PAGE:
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Cat. No. 537 (reprint)

Season's Greeting, plate 5 of 9, from the portfolio, Quarantania

Only state
1944, reprinted 1990
Quarantania (View All)
Abstraction, Architecture, Nature
Drypoint, Engraving
Drypoint and engraving
Smooth, wove Arches paper
plate: 4 x 6 15/16" (10.2 x 17.7 cm); sheet: 18 5/8 x 12 15/16" (47 x 33 cm)
"Louise Bourgeois" lower right margin, pencil.
Galerie Lelong, Paris
Piero Crommelynck, Paris
50; plus 10 A.P. (numbered I-X)
"EA III/X" lower left margin, pencil, unknown hand.
"EA III/X" lower center colophon, pencil, unknown hand.
Edition Information:
There is one known impression of the only state, outside the edition.

The colophon for the “Quarantania” portfolio states that “some [compositions] are individually titled, sometimes with a few variations.” It appears that Bourgeois occasionally inscribed titles or alternative titles while she was signing the prints.
Since Galerie Lelong was exhibiting Bourgeois's sculpture, Jean Frémon, a gallery director, proposed undertaking a print project with her. It was decided to reprint plates executed earlier and still in Bourgeois's possession, because this work was unknown to the public. In 1990, after the plates had been stored for more than forty years, they were newly printed by Piero Crommelynck, and published for this portfolio. Only "Quarantania" (9), titled "Bosom Lady" in the 1940s, was reworked in 1990 by the artist.

The 1990 reprints differ in appearance from the 1940s impressions, due to corrosion of the plates and accidental scratching over time. Also, professional printing with uniform inking and wiping creates a darker plate tone. The prints were gathered in a portfolio to represent the work from the 1940s, with the title "Quarantania," deriving from the French "quarante," meaning "forty."

In preparing this project, proofs were also pulled from other old plates in the artist's possession. However, the poor condition of those plates made it impossible to achieve acceptable impressions (see "Youth," 1941-1944; "Laurel Easton," 1944; "Dame," 1948; and "The Burner," 1948). Proofs were also pulled from a 1970s and a 1980s plate. These were editioned and published as "Spirales," c. 1974, and "Femme Maison," 1984. Bourgeois chose a cover resembling that of "He Disappeared into Complete Silence," 1947 because she saw "Quarantania" as a continuation of that work.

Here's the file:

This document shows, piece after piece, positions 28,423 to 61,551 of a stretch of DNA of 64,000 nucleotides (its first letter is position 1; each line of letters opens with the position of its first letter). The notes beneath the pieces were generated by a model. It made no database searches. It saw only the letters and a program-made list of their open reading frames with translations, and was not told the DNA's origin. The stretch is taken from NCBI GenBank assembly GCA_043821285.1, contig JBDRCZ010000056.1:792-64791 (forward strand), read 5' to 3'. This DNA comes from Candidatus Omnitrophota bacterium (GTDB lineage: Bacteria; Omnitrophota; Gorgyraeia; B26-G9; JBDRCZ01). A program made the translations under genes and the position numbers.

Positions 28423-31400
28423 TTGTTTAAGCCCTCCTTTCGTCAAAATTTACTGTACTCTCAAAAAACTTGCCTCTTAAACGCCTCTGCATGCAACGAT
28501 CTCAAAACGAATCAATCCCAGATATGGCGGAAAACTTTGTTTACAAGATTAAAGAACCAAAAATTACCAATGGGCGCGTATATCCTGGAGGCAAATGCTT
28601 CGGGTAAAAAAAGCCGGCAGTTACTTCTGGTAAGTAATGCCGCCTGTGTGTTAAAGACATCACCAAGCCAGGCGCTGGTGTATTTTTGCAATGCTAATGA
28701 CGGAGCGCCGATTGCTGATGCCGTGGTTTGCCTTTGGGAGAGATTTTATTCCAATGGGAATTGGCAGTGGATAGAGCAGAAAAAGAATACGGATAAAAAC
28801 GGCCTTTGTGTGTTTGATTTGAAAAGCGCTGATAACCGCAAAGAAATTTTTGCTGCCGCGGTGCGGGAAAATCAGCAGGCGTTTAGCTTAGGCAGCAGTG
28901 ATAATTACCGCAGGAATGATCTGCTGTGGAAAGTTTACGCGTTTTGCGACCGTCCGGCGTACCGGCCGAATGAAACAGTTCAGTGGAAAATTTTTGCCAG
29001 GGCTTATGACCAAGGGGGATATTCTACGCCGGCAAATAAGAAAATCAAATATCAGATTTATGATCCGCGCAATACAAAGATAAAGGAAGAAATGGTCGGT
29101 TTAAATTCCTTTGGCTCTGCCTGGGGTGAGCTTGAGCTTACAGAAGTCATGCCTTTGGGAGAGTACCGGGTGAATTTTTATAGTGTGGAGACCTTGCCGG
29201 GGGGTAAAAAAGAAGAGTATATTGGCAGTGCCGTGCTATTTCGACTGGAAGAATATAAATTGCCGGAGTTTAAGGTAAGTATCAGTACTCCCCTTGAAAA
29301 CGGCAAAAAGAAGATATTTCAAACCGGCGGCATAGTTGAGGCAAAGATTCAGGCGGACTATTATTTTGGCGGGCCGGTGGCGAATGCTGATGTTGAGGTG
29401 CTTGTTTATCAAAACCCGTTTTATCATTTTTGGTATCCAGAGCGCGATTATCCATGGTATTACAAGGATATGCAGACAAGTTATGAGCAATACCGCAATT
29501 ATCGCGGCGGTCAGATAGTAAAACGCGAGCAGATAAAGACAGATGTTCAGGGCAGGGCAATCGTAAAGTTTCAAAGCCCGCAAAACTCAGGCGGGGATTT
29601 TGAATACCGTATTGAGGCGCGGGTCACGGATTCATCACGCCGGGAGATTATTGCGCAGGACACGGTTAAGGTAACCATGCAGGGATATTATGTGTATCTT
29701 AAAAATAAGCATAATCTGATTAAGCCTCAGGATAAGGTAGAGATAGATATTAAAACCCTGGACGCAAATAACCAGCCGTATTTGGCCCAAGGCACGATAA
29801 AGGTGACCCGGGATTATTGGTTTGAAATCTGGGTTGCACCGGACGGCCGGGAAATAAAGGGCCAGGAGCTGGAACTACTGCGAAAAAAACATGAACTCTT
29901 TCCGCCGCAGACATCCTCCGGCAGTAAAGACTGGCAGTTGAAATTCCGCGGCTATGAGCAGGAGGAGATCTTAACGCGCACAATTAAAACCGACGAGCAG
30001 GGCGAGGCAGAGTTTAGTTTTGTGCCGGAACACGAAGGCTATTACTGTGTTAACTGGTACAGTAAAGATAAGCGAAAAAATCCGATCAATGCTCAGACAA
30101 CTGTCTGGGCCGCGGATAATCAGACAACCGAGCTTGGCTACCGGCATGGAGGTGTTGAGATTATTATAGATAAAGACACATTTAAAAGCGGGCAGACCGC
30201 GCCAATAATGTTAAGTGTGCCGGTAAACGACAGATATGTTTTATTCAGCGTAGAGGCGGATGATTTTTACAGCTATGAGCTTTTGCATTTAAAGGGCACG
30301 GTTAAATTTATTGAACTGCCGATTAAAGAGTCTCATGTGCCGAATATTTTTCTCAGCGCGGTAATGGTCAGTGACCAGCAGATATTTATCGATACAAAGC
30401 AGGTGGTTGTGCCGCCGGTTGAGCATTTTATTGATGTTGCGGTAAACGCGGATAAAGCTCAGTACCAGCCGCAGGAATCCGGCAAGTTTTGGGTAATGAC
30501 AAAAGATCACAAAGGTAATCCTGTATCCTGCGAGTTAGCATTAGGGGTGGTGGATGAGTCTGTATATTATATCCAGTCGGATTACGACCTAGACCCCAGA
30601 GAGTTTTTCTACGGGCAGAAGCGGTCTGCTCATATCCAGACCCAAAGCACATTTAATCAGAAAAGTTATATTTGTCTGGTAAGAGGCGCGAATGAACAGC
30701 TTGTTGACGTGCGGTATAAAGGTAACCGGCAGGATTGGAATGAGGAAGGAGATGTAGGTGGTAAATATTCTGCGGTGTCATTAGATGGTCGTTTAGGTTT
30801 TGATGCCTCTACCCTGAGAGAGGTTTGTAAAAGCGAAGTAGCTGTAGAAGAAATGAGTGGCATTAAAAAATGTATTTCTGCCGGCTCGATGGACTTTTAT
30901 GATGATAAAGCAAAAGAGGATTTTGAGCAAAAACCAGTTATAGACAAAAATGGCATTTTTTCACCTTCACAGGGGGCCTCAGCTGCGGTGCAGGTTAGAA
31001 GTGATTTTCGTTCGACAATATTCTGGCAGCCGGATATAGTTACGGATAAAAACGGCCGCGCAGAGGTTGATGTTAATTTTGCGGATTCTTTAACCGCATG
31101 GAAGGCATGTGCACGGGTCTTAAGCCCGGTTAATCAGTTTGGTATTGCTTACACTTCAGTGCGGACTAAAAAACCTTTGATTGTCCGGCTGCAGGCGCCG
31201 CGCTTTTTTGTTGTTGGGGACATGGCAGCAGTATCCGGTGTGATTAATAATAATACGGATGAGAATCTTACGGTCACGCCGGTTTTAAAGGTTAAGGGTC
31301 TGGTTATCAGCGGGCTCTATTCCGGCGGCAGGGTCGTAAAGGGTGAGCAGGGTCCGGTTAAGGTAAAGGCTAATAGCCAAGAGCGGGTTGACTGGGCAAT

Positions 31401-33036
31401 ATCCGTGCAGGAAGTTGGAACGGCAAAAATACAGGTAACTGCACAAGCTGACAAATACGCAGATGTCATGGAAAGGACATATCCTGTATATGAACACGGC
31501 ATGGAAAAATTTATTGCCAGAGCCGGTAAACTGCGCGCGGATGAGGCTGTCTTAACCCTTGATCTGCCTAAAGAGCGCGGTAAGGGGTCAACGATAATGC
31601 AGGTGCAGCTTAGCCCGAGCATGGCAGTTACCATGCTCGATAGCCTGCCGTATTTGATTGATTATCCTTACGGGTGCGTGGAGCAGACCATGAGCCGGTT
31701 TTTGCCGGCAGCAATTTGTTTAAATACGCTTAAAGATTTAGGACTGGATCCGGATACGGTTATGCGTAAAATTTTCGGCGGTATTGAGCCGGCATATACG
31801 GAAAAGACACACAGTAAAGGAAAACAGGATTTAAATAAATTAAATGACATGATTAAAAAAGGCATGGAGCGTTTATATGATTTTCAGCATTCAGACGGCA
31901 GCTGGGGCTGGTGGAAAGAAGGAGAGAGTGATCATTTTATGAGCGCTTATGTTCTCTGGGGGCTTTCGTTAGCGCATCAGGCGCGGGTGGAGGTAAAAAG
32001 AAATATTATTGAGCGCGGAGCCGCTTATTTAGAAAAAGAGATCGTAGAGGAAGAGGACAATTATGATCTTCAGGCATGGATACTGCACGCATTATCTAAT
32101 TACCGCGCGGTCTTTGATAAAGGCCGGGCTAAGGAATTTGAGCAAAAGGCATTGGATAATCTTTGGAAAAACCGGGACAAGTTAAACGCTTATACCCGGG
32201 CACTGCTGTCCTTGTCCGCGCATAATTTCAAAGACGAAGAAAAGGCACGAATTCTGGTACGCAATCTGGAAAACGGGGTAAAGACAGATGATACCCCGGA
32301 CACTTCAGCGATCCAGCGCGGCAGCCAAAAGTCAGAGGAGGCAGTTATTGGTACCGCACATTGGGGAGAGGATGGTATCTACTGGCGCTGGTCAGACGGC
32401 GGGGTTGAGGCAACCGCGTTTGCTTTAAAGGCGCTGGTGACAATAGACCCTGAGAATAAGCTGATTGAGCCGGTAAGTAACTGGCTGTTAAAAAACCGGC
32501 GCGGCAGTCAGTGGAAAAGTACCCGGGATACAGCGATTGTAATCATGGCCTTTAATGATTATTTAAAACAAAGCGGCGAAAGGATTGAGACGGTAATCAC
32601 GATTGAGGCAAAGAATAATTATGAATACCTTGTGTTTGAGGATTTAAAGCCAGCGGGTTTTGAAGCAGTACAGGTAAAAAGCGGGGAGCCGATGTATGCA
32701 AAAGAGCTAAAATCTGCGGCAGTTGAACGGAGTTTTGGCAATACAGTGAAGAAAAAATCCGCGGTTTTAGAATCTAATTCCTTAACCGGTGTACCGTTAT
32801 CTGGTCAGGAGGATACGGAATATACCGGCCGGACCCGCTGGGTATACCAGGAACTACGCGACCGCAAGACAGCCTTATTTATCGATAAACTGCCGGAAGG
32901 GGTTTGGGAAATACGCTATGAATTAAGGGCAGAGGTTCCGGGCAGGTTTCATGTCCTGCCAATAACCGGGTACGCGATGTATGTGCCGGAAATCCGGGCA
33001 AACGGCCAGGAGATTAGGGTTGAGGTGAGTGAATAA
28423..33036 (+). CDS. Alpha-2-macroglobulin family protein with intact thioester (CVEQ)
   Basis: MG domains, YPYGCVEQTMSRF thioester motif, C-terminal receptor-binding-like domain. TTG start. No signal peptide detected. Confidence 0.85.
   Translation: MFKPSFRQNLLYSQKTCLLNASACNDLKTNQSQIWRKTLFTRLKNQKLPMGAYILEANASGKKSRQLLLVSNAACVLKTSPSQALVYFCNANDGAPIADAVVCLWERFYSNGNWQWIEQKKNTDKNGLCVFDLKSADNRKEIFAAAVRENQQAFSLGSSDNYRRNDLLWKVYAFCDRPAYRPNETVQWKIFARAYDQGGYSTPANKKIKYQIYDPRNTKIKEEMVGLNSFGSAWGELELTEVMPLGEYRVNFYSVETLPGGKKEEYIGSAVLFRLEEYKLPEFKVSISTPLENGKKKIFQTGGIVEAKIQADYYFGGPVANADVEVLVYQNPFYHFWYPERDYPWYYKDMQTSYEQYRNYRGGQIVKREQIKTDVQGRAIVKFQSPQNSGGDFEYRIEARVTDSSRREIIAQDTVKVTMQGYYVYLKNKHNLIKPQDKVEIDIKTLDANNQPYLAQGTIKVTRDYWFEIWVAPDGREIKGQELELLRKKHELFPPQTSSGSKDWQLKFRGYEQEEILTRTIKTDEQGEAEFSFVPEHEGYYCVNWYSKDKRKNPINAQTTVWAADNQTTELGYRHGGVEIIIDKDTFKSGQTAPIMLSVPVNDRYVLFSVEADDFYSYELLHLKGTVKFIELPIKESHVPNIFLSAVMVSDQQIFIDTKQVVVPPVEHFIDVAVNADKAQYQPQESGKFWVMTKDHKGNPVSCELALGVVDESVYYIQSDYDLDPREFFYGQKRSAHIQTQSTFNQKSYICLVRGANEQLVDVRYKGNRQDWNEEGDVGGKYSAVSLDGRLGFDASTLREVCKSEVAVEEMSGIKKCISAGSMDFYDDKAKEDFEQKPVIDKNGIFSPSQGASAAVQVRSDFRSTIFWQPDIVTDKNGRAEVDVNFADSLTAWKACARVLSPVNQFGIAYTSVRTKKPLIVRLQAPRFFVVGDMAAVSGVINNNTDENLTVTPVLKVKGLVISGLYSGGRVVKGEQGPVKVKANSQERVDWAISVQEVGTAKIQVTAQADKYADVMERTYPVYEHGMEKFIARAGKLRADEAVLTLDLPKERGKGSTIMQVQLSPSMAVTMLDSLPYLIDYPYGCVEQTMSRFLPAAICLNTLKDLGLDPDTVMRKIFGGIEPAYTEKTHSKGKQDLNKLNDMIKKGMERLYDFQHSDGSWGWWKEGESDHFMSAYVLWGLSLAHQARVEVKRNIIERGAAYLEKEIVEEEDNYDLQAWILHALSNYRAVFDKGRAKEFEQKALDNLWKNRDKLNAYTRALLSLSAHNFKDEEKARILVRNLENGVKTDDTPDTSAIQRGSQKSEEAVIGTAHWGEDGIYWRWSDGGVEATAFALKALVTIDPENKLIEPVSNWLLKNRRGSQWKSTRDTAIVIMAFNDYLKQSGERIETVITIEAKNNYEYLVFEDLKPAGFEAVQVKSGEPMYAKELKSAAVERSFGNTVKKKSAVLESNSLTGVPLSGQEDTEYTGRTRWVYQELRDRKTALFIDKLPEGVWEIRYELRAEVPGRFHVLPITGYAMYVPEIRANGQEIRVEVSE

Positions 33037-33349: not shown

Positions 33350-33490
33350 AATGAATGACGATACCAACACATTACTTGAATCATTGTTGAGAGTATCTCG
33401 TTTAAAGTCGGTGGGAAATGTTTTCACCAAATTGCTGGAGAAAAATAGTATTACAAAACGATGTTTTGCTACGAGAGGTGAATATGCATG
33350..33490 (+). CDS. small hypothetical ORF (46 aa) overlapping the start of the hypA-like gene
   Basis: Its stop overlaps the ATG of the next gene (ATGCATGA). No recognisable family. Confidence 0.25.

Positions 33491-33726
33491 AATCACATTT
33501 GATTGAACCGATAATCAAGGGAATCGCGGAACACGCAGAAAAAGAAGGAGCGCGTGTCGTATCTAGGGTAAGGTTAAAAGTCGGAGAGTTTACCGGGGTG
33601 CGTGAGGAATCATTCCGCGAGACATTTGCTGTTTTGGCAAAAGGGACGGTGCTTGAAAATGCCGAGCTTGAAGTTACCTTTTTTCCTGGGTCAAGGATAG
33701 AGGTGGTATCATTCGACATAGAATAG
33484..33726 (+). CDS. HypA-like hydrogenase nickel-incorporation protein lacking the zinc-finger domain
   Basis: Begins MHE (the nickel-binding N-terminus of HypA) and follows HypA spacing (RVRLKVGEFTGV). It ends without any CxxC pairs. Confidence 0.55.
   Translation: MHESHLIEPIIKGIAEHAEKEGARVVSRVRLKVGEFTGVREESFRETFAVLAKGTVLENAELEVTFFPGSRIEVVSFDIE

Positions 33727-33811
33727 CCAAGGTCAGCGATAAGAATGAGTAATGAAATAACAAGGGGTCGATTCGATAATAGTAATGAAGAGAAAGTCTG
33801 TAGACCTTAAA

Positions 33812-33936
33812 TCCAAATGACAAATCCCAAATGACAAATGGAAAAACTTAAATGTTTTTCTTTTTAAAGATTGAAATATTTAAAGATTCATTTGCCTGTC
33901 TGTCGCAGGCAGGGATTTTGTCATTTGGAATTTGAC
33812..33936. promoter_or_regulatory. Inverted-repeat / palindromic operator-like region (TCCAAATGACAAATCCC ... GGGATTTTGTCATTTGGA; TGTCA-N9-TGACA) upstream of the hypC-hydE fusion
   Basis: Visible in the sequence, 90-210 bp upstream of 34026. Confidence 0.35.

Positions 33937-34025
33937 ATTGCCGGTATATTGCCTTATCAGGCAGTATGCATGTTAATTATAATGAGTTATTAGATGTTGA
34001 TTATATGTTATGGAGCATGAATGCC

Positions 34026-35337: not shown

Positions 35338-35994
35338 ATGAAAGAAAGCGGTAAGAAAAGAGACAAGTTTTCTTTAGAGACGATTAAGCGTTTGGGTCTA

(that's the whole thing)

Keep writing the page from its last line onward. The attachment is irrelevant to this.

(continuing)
Installation Remarks:
The 9 compositions that make up this portfolio can be exhibited together, in any order, or individually.
Curatorial Remarks:
The date for this composition differs from the "c. 1945" date recorded in the 1994 catalogue, "The Prints of Louise Bourgeois." This is due to the discovery of what is believed to be the source work.

This composition is known only through the 1990 reprinting. It is conceivable that there were one or more states prior to this one, as this state includes burnishing, drypoint, and engraving. However, no known impressions of earlier states exist.

The colophon for the “Quarantania” portfolio states that the plates were engraved by Bourgeois at Stanley William Hayter’s Atelier 17 workshop in 1947. However, dates for the compositions vary and the fact that all were engraved and printed at Hayter’s workshop could not be confirmed. At this time, Bourgeois also worked on prints at home with a small press.
Former Cat. No.:
W & S 4
MoMA Credit Line:
Gift of the artist
MoMA Accession Number:
This Work in Other Collections:
Bibliothéque Nationale de France, Paris
Joslyn Art Museum, Omaha, NE
Kunstmuseum Bern, Switzerland
Minneapolis Institute of Art, MN
Walker Art Center, Minneapolis, MN (Impression no. 17/50)

Season's Greeting, plate 5 of 9, from the portfolio, Quarantania
1944, reprinted and published in 1990


NOT IN MoMA'S COLLECTION Louise Bourgeois. Season's Greetings. 1944
NOT IN MoMA'S COLLECTION Season's Greetings
Ink on foil mounted on paper


Published Louise Bourgeois. Season's Greeting, plate 5 of 9, from the portfolio, Quarantania. 1944, reprinted 1990
Only state
1944, reprinted 1990